WORLD: One in three Christians face persecution in Asia, report finds

Threat levels rise in China amid crackdown and India enters top 10 for first time


By Harriet Sherwood


The Guardian (16.01.2019) – – The persecution of Christians in China is the worst it has been for more than a decade, with at least 50 million people expected to experience some form of repression this year as the government tightens its controls over religious worship, according to a global monitoring body.


The crackdown on religion in China is part of a pattern of increasing Christian persecution across Asia over the past five years, Open Doors said in its 2019 World Watch List, which ranks 50 countries. One in three Christians face high levels of persecution in Asia, with India entering the top 10 for the first time.


Open Doors estimates that 245 million Christians worldwide face high levels of persecution this year, up from 215 million last year.


The publication of its annual league table comes three weeks after Jeremy Hunt, the UK foreign secretary, ordered an independent, global review of the persecution of Christians of all nationalities. The review will make recommendations on the practical steps the UK government can take to support those under threat.

Persecution against Christians is rising across Asia, with India and Pakistan among countries with extreme levels of repression

North Korea tops the World Watch List for the 18th year in a row, with 10 other countries categorised as having “extreme” levels of persecution. Countries that have moved up more than 10 places in the list in the past year include China, Algeria, Central African Republic, Mali and Mauritania.


China has risen from no 43 on last year’s list to 27 in 2019. Henrietta Blyth, the chief executive of Open Doors UK and Ireland, said: “In China, our figures indicate persecution is the worst it’s been in more than a decade – alarmingly, some church leaders are saying it’s the worst since the Cultural Revolution ended in 1976.”


There are an estimated 93 million to 115 million Protestants in China and about 10 million to 12 million Catholics. Most belong to unregistered churches. If the rate of growth continues, China is expected to have the world’s largest Christian population by 2030.


In the past year, the Chinese government has tightened its control on religious worship, shutting down hundreds of unofficial churches, detaining pastors and worshippers, removing crosses from buildings, banning the online sale of bibles and increasing the surveillance of congregations. Last month, the celebration of Christmas was banned in some schools and cities.


“There is a very strong control agenda combined with a new era of digital surveillance,” said Ronald Boyd-Macmillan, the head of strategy and research at Open Doors.


He said persecution was being driven by three factors: the strong ideological leadership of China’s president, Xi Jinping, the government’s unease over the growth of Christianity, and the harnessing of technology as a repressive tool.


In September, the Vatican signed a provisional deal with Beijing on the appointment of Catholic bishops, aimed at a rapprochement in diplomatic relations. However, critics denounced it as a betrayal, with Cardinal Joseph Zen, the former archbishop of Hong Kong, saying the consequences would be “tragic and long lasting, not only for the church in China but for the whole church because it damages credibility”.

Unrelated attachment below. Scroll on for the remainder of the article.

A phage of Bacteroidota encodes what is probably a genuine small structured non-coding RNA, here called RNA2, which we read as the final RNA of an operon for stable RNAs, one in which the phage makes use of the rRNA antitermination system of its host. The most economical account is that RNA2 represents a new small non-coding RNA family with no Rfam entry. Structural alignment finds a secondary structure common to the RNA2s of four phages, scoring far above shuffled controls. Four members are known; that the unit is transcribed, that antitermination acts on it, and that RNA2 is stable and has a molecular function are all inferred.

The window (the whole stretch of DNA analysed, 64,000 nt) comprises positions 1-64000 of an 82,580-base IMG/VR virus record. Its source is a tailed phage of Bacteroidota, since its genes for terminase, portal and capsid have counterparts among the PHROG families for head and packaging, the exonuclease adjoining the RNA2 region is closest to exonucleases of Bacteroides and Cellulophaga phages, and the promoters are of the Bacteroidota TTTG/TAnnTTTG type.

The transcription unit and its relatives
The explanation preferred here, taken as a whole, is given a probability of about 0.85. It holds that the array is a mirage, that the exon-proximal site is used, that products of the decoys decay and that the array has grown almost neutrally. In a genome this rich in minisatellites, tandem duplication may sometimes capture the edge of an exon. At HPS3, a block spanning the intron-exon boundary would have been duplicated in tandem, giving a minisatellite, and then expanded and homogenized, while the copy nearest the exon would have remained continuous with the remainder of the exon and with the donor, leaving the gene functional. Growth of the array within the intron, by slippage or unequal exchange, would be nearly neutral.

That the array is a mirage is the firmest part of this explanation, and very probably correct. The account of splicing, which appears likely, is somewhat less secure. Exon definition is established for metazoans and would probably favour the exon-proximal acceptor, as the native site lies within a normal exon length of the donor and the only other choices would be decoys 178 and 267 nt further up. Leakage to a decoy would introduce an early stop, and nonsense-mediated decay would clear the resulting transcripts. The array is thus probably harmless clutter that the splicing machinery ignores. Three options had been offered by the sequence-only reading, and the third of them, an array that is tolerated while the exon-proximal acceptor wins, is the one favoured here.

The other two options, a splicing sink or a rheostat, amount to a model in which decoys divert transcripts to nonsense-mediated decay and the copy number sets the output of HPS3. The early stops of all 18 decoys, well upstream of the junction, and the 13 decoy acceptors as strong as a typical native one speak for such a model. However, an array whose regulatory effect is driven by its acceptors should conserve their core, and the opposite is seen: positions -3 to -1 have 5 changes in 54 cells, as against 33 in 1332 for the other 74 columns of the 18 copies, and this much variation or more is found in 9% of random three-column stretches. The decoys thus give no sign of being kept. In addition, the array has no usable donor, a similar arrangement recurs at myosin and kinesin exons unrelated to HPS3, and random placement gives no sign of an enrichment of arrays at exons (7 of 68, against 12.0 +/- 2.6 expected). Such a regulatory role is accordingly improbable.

India, the world’s largest democracy, rose to 10th place on the list, having been 28th five years ago. Open Doors said ultra-nationalism was behind the increase in violent attacks by Hindu extremists on Christians and churches.


“It’s shocking that India – the country which taught the world the way of ‘non-violence’ – now sits alongside the likes of Iran on our World Watch List. For many Christians in India, daily life is now full of fear – totally different from just four or five years ago,” Blyth said.


The report also highlights the rise in gender-specific persecution, saying Christian women are subjected to sexual violence, rape and forced marriage in the top five countries on the list.




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HRWF database of news and information on over 70 countries: 
List of hundreds of documented cases of believers of various faiths in 20 countries:  

SUDAN: Sudan releases 13 Christians arrested in Darfur after torture, threats

One church member said to be in critical condition.

Morning Star News (23.10.2018) – – After torturing them and threatening to charge them with serious crimes, authorities in Sudan have released 13 Christians arrested in the Darfur Region, sources said.


Personnel from Sudan’s National Intelligence and Security Services (NISS) released 12 of the Christians by Sunday (Oct. 21) and freed church leader Tajaldin Idriss Yousif on Monday, all without charges, but they threatened to charge the native Darfur evangelist and others with apostasy, public disturbance and crimes against the state, sources said.


“All of them were said to be tortured by NISS and are in bad shape,” a source said. “One of them is said to be in critical condition owing to torture. He is said to have been vomiting and bleeding. He was rushed to a hospital, but he was not attended to by the physicians in that hospital.”